Saturday, April 24, 2010

Low Down and Dirty!

In honor of our recent viewing of Dirt! the movie, I thought it only fitting to muse a bit on the subject of this misunderstood substance that we take for granted.

It seems that nowadays we do anything in our power to avoid or remove dirt from our lives and we give it a bad rap. The word dirt brings to mind images of filth and contamination, it is a negative thing to be washed away to hopefully never be seen again. In reality, dirt is what sustains us, without it there would be no modern civilization, and we would live in a state of perpetual chaos and uncertainty. Dirt allows us to settle in and establish our cultures, it let's us cultivate the foods we need and build the lives we want.

Something I have thought about numerous times over the past year or so came to mind again last night while viewing this movie, I thought about how out of balance our system is. On the one hand we have commercial-industrial crop production, monoculture's stripping the dirt of vital nutrients on a massive scale season after season and we are able to do this by relying on inefficient artificial chemical fertilizers that destroy the natural life that exists in the soil.

On the other hand we have an immense waste production problem, thousands of tons per year of food waste are buried in landfills where they do very little other than lower the property value of surrounding areas and uselessly take up space.

There is a potential solution to be found. Why can't we take the compostable items like paper, cardboard and food waste and turn them into nutrient rich natural fertilizer that feeds not only the crops we are trying to grow but also the life below the surface that we can't see and never think about like worms, insects protozoa, fungi and beneficial microorganisms? It is work like this that could eventually make some serious changes to the economy as well as the health and well being of this country. This kind of change has the potential to create more jobs, especially for the blue collar working class (majority of the U.S.) thus reducing the economic hardships such as we have been looking at these past couple years.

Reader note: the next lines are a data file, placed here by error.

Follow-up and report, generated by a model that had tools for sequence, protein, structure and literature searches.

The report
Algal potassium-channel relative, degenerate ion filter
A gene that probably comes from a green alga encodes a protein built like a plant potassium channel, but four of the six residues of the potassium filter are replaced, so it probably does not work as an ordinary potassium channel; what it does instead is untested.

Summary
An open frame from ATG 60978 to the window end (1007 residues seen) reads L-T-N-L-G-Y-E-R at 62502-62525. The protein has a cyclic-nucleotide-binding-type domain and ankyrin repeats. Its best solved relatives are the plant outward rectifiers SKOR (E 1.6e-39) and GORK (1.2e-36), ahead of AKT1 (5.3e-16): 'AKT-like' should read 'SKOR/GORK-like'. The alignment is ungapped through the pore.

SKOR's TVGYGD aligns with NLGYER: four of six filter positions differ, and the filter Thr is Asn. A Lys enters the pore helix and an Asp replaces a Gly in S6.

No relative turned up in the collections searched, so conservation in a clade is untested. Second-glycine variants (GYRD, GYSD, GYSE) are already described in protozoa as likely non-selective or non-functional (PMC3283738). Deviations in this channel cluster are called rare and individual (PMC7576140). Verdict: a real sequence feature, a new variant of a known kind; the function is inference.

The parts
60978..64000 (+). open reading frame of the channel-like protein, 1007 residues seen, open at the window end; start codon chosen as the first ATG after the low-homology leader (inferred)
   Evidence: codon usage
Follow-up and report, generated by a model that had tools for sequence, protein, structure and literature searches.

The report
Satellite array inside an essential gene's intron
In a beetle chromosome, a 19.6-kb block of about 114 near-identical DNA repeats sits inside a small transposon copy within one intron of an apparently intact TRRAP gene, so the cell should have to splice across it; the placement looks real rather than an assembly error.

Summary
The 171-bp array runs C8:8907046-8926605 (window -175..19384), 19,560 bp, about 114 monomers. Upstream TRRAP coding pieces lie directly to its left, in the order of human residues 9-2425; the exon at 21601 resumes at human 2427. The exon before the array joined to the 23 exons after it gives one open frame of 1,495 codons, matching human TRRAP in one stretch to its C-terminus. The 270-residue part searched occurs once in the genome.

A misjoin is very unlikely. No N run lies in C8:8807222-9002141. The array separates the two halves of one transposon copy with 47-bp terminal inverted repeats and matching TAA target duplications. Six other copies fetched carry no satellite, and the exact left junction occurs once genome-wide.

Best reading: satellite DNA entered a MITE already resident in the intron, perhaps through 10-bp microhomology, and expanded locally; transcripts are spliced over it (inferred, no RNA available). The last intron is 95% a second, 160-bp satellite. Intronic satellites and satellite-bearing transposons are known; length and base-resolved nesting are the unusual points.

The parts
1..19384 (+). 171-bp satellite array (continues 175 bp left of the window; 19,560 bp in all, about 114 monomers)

If we were to begin this sort of "dirt therapy", we could potentially turn around the state of health in the general public as well. The greater the quantity and quality of soil nutrients (both macro & micro), the higher the quality of food produced in that soil which in turn creates higher levels of disease resistance in both the plants and the people that eat them.

Some final bonuses to implementing this sort of industrial composting system is that it would allow us to farm the same land with less negative environmental impact and potentially better yields in the long run, also reducing our dependence on petroleum to produce our chemical fertilizers. On top of all that, this would reduce our need for landfill space while recycling our garbage into something more useful.

So remember, the next time you're wishing you had a better lawn or a more plentiful garden just look at what you are putting in the trash can, chances are there's some really good dirt to be made from it.

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